China’s real estate hits high-water mark

February 15, 2017 / By  

For many years, observers have been fascinated by the RMB 200 billion mark, a target of transaction volumes that the real estate industry had long hoped for but deemed unlikely.

But here we are, for the full year of 2016, when transaction volumes in China reached a record breaking RMB 209 billion, an increase of 53 per cent y-o-y. Following a slow first half of 2016, the market recovered in the second half of the year, with overall Q4 2016 transaction volume reaching RMB 91 billion; a 45 per cent  q-o-q increase and a 36 per cent y-o-y gain. In terms of asset types, the office sector continues to dominate the investment market in China in 2016 with a total of RMB 114 billion transacted (21 per cent y-o-y gain), representing 55 per cent of total transactions.

Retail was the second most sought-after asset, with a total of RMB 41 billion transacted, which translates to a 70 per cent y-o-y increase. Demand was driven by strong online sales, leading to a subsequent increase of transactions within the industrial and warehouse sectors. Total transactions in the retail sector reached RMB 18 billion in 2016, a ten-fold y-o-y increase.

Shanghai continues to dominate China’s property investment market in 2016, with transaction volumes of RMB 100 billion, accounting for 48 per cent of total transactions. Beijing was the runner-up, accounting for 16 per cent of all transactions in 2016, while Shenzhen came in third at 10 per cent of total transactions.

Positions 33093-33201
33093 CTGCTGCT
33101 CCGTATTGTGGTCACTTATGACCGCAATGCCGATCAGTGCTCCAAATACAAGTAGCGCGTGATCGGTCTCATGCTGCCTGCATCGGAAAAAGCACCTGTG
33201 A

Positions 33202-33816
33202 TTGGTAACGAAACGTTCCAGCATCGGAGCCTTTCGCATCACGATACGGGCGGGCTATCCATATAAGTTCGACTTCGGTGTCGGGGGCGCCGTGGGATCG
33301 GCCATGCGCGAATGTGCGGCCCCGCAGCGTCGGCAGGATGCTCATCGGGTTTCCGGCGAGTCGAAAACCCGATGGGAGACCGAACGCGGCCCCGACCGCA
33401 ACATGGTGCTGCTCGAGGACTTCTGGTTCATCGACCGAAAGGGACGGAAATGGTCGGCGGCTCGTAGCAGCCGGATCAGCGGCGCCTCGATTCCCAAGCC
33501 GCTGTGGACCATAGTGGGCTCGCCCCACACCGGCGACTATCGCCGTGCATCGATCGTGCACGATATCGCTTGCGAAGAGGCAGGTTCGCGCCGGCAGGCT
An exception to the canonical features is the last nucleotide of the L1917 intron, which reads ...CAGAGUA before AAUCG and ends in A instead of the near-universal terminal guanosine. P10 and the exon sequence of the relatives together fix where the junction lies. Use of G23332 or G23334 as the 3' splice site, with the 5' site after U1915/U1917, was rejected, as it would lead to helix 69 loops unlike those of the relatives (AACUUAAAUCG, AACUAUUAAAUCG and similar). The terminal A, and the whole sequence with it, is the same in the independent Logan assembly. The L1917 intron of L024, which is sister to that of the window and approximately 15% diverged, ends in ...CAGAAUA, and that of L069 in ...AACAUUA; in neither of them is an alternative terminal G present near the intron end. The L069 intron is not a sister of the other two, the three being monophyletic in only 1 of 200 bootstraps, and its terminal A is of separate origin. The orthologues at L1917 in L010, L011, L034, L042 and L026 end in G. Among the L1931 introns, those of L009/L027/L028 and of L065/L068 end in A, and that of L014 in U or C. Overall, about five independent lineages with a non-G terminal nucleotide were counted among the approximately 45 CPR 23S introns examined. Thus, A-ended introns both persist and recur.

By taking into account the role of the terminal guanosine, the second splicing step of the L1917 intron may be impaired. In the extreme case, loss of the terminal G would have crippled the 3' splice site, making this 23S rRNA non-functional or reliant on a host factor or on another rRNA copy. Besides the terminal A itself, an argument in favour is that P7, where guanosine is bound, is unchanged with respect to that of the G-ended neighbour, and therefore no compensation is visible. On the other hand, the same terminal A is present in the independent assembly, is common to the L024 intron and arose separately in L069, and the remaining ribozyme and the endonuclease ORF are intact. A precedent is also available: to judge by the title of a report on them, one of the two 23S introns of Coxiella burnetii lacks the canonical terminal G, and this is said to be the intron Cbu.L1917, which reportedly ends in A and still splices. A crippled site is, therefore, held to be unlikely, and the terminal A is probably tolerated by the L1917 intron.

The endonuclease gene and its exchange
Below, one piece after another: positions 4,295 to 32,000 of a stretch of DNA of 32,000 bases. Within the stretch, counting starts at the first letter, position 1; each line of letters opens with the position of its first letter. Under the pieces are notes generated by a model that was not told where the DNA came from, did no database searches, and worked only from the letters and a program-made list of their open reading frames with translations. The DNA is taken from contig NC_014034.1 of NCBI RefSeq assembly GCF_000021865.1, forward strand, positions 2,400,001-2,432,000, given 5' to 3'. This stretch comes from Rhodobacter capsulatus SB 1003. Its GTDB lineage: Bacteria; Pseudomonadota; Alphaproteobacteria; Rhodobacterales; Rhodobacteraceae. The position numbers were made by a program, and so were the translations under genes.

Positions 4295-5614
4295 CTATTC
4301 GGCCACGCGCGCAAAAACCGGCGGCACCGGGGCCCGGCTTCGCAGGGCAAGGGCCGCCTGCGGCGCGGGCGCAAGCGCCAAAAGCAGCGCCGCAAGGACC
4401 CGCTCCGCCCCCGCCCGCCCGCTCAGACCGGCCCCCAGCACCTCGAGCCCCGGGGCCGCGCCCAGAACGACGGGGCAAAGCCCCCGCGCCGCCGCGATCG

Mega deals recorded in 2016

The largest transaction in 2016 was Shanghai Century Link’s RMB 20 billion purchase – a joint venture of ARA Asset Management and China Life. This was a deal which also set an all-time price record for the purchase of a single asset. In the retail space, we recorded the largest transaction in the whole of 2016, with Chongbang Development purchasing an 80 per cent equity stake buyback of Shanghai’s Jinqiao Life Hub for RMB 5.5 billion.

In addition, among portfolio deals, Legend Holdings’ RMB 13.8 billion was the largest transaction in 2016, followed by COFCO’s sale of its Joy City portfolio for RMB 9.3 billion. Also worth mentioning is Columbia Pacific Management’s equity sale of its senior housings to Temasek Holdings for RMB 1.3 billion, as the two formed a 50/50 JV to capitalise on China’s ageing population.

Catalysts and swing factors for 2017

Having reached the RMB 200 billion watermark, the question for 2017 is: will investment volume in China match or top 2016?

On the positive side, with China needing to reach its targeted GDP growth of 6.5 per cent for 2017, ample market liquidity and low interest rates should continue.

With capital controls and increased scrutiny on overseas investments, China’s insurers and investors will continue to be aggressive buyers in the domestic market, with income-producing assets at prime locations being treasured.

However, yield compressions, a depreciating RMB and limited quality assets for sale could be discouraging factors for investors. 2016’s investment volumes could be an indication looking forward in 2017 and the tip of an iceberg if domestic demand and buying continues at its current volumes.

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